How to Write a CPD Plan
As a professional in any sector, it’s important to keep up-to-date with your career development. This is why you’ll need to make a CPD plan. (Continuing Professional Development). Whilst it does take time, CPD Plans are great ways to identify and develop your skills in order to reach your career goals.
What do I want/need to learn?
Assessing your current career situation is a great place to start with your CPD plan. Where am I? Where do I want to get to? These are the questions you need to be asking yourself in order to identify the areas in which you want to develop. You need to summarise what you are currently doing in your career, and use it to plan future career milestones you’d like to achieve. Create smaller milestones and check-in points so that you can review your development and see if you are hitting your personal targets. So think about:
- Steps you are going to take over the next few years that will bring you closer to your career goals;
- What specific skills, knowledge, and experience you need to develop in order to achieve these goals;
- What activities you are going to do to fulfil the goals.
It’s important that you are being honest with yourself in this step to get the best out of your plan. What does success really mean to you? You need to understand your motivations to succeed; do you feel like you are succeeding in your current job? It’s OK to think ‘big’ – but just be smart about it. Your goals should be Specific, Measurable, Achievable, Realistic, and Timely. SMART.
What will I do to achieve this?
So now you’ve identified what you want or need to learn, you need to plan how you’re going to do this. This step is important because it helps you identify the professional skills and abilities you need to help you reach your goals; therefore enabling you to plan new learning and development opportunities that are relevant to your professional development. Consider how you will know if you have achieved this goal – will you gain a qualification? Will you be able to manage a team?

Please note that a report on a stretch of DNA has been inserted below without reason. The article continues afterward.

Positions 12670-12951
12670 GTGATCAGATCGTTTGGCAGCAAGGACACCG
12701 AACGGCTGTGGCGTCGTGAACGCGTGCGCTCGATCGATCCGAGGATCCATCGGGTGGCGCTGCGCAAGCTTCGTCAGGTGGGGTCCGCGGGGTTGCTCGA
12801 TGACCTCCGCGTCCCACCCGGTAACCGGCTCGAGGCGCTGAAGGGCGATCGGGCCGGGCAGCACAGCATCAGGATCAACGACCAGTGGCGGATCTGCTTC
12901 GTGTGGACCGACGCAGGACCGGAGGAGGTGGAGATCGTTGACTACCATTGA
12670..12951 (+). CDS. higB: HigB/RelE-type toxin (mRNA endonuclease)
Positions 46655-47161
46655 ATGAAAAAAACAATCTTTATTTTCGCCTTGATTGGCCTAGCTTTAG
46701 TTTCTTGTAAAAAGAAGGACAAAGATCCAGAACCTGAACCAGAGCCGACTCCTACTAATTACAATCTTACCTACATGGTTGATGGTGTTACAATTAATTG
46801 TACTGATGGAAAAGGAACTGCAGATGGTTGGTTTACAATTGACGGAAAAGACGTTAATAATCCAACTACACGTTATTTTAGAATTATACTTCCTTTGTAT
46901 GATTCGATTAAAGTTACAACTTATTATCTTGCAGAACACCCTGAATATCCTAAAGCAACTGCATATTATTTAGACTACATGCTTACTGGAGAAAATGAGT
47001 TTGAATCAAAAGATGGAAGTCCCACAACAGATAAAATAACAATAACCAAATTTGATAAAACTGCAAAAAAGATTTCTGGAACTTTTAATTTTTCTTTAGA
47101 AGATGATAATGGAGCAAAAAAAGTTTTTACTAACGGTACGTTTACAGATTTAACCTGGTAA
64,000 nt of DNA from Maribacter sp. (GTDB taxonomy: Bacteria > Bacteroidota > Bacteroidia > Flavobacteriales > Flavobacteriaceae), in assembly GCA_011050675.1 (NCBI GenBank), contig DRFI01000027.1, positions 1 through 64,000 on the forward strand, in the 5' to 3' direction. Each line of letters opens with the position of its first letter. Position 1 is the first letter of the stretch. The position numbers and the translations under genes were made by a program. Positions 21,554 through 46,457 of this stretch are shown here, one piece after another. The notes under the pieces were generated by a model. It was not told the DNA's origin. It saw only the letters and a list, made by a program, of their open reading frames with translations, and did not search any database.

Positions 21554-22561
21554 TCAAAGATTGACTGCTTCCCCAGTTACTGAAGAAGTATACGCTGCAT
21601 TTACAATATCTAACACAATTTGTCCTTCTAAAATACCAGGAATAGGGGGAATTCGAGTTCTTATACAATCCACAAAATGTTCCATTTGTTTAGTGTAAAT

For example, if you’re an Assessor and one of your goals is to eventually become an Internal Quality Assurer, you’re going to need the relevant IQA Qualification. Researching this qualification, the requirements necessary to enrol on to the course, and the criteria for the job once qualified can also be a helpful step in this process.
Remember, when you’re defining your activities, make sure they are clear and detailed. So you’ll need to state the actual course/conference/training session you would like to attend.
What resources or support will I need?
Now you’ll need to consider what’s going to help you complete a certain goal. Going back to the example of being an Assessor with the goal of becoming an IQA, you would need support from your Assessor.
In terms of resources, you’ll need to use the online support materials provided when you enrol onto the course, and perhaps use wider research by doing your own web searches. Industry expert Ann Gravells offers great advice on CPD on her website. However, for some courses, there may be textbooks and study guides available. Watching videos on the likes of YouTube may be deemed supportive. Only you will know what you need.
What will my success criteria be?
When will you consider this to be a successful outcome? As we mentioned before, think about what success will really mean to you. So again using the previous examples, the success criteria for an Assessor wanting to become an IQA might be when they are qualified. Or, it might be when they actually get an IQA job. It is entirely down to you – it’s your plan, your professional development, and therefore, your future.
Your ‘milestone dates’ include:
- Start Date;
- Target Dates for review and completion;
- Actual Completion Date
Of course, you will only be able to fill two of these sections in when planning your CPD. The actual completion date won’t be filled in until that time. However, you can fill the target date for which you’d like to have completed this by!
Be realistic with your timings. It’s OK if you don’t meet that achievement by the target date you set yourself; that’s why it’s called a CPD plan. Plans don’t always happen the way we thought they would.
So after you’ve filled all of these sections in, your CPD plan should be in a table that looks something like this:
We hope this helps! For more advice on CPD, take a look at our post on 9 Ways to Keep your CPD Record Up To Date. If you’re interested in enrolling on a CPD course, then you take a look at the CPD courses we offer at Brooks and Kirk.
Steve is a Chartered Manager and a Fellow of the Chartered Management Institute.
He provides Educational Consultancy to the 19+ sector as well as being an Assessor, IQA, EPA and Digital Marketing Professional. When not doing any of these he finds time, every now and then, to write blogs and articles.